Blast load design, which helps protect federal buildings in the event of an explosion, can be complicated, but fortunately we’ve had special training in this area. Our experience includes using both static equivalent procedures and the Single-Degree-of-Freedom Blast Effects Design Spreadsheets (SBEDs) produced by the Protective Design Center of the Army Corps of Engineers. We also understand how to design Department of Defense (DoD) structures that comply with Anti-Terrorism Force Protection (ATFP) standards for blast loads.
- Blast load calculations may be required for federal projects and buildings where federal institutions are housed or building projects that receive federal funding. The goal of any blast design project is essentially to turn an exterior wall into a “net” — so that if there’s an explosion outside the building, the metal will yield and remain intact, which provides more protection and limits destruction.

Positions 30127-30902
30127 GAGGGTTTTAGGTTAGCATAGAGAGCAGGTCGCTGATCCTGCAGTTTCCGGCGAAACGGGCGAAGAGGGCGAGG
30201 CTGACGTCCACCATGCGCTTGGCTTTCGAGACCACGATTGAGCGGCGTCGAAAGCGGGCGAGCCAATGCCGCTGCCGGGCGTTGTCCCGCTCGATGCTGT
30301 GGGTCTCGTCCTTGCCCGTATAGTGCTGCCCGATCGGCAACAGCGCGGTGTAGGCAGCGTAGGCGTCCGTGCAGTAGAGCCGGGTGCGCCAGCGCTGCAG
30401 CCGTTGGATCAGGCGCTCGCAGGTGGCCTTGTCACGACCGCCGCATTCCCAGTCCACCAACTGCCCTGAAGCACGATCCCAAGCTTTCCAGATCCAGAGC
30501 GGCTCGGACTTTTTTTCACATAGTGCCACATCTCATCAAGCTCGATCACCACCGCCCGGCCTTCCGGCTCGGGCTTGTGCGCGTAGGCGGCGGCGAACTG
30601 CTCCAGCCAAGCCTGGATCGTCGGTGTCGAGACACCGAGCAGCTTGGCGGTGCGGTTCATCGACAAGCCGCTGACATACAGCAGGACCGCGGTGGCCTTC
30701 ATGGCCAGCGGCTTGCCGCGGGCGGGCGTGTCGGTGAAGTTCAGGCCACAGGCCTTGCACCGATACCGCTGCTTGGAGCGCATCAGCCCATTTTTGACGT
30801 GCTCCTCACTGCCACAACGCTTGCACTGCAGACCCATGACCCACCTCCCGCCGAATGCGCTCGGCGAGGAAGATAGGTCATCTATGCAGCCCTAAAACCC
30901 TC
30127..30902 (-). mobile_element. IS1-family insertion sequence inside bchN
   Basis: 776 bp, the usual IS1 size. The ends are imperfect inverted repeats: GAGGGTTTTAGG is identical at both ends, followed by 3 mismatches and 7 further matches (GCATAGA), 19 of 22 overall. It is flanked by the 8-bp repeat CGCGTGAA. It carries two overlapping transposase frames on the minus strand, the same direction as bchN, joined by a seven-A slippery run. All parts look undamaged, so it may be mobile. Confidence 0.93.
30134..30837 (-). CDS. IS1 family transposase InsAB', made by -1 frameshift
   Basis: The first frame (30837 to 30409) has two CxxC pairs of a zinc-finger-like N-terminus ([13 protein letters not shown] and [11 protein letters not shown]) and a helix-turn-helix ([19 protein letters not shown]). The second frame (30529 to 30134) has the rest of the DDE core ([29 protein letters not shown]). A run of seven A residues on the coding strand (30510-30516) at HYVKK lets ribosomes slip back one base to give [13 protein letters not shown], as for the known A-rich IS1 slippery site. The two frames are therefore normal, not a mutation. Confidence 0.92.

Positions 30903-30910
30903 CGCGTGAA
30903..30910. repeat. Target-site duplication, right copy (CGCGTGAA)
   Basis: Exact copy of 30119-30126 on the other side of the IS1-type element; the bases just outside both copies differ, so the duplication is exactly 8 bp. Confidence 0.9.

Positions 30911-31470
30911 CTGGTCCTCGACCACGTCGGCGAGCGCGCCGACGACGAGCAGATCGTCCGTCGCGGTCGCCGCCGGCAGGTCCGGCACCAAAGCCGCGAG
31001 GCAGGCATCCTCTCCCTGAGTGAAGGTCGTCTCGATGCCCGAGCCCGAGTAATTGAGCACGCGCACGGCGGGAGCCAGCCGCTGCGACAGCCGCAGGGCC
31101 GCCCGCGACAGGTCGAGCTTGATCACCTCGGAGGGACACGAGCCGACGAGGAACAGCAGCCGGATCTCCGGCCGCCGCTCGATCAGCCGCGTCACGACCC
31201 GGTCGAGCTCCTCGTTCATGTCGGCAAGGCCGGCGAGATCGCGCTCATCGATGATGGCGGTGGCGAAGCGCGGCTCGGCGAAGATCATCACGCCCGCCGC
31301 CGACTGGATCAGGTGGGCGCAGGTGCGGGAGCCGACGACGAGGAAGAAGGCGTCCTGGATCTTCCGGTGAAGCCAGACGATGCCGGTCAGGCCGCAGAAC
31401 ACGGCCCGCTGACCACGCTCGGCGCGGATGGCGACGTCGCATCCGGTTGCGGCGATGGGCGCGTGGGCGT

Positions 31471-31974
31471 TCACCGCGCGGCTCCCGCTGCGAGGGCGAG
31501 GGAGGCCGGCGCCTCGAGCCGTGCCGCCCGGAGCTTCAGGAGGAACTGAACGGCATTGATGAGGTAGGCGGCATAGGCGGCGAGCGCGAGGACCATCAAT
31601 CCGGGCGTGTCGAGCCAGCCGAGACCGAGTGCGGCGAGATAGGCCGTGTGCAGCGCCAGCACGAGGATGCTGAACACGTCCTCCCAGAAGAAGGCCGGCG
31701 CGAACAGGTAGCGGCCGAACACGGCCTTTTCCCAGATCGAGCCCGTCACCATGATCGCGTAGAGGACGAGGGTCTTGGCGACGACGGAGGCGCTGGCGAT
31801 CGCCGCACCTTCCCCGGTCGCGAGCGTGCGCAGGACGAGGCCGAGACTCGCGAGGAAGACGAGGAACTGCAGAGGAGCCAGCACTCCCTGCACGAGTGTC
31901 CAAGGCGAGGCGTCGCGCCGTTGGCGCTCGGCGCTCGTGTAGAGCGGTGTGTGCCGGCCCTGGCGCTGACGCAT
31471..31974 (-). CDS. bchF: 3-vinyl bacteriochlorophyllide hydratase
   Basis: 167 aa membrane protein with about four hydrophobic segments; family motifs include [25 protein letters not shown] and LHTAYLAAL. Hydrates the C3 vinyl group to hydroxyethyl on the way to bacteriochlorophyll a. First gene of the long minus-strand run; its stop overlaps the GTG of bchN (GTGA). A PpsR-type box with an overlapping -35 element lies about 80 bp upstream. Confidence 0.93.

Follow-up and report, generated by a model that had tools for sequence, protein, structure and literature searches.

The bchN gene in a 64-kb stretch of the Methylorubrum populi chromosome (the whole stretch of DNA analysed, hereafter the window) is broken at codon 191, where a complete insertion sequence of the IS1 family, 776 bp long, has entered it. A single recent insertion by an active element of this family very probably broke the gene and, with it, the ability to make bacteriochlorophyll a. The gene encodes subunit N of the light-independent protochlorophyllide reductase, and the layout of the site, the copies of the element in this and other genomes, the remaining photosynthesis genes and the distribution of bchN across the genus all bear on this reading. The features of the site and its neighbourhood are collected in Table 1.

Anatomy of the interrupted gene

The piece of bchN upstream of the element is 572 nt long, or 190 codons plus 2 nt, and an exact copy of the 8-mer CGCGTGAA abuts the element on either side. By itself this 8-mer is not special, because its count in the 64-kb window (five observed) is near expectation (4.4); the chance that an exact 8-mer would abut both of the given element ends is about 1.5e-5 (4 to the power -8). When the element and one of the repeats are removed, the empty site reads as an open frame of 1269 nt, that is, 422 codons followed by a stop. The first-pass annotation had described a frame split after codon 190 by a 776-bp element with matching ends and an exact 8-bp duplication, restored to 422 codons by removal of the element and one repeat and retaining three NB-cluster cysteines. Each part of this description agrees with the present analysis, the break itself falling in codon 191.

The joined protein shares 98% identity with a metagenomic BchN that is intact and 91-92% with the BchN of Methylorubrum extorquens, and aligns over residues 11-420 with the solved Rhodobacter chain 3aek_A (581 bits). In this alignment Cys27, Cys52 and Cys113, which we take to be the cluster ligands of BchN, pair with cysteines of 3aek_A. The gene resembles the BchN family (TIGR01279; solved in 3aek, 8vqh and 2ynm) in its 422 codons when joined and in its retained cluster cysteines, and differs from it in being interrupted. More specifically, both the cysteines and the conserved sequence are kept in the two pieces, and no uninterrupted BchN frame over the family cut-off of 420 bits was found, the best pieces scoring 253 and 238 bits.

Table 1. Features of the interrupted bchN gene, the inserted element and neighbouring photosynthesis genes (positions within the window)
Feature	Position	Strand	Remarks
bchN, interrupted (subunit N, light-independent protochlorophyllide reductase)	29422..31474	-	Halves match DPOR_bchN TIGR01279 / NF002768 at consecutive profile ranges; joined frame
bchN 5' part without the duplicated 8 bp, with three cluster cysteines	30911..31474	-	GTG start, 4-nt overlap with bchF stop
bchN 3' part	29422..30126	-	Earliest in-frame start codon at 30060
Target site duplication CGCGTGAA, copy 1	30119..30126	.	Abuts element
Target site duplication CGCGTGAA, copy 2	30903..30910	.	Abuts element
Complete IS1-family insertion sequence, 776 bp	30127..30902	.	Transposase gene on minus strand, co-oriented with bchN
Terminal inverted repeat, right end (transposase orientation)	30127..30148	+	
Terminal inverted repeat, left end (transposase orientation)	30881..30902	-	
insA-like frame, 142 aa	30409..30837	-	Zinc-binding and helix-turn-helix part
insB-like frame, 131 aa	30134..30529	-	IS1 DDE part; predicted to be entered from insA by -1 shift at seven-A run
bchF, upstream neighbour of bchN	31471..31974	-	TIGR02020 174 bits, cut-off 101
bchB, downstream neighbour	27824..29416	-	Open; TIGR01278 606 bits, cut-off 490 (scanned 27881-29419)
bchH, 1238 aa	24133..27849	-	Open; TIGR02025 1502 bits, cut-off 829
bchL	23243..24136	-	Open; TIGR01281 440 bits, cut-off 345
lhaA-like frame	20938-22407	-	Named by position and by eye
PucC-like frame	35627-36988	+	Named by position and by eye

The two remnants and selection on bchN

- Since government facilities are often institutional, architects and contractors pay close attention to the facade, which is typically designed with long-lasting materials such as brick or metal paneling.
Iron Engineering provided the cold-formed steel stud design for the exterior walls of this one-story, 12,000-square foot addition. Design considerations included ATFP standards for blast loads at the exterior walls. Special welded embedded plates were placed at the foundation wall and slotted angles were installed at the roof. This allowed for the accommodation of roof deflections while maintaining the required blast load connection capacity.
Iron Engineering provided the cold-formed steel stud design for the exterior walls of this one-story, 16,500-square foot addition. Design considerations included ATFP standards for blast loads at the exterior walls.
Download an example of a blast design project.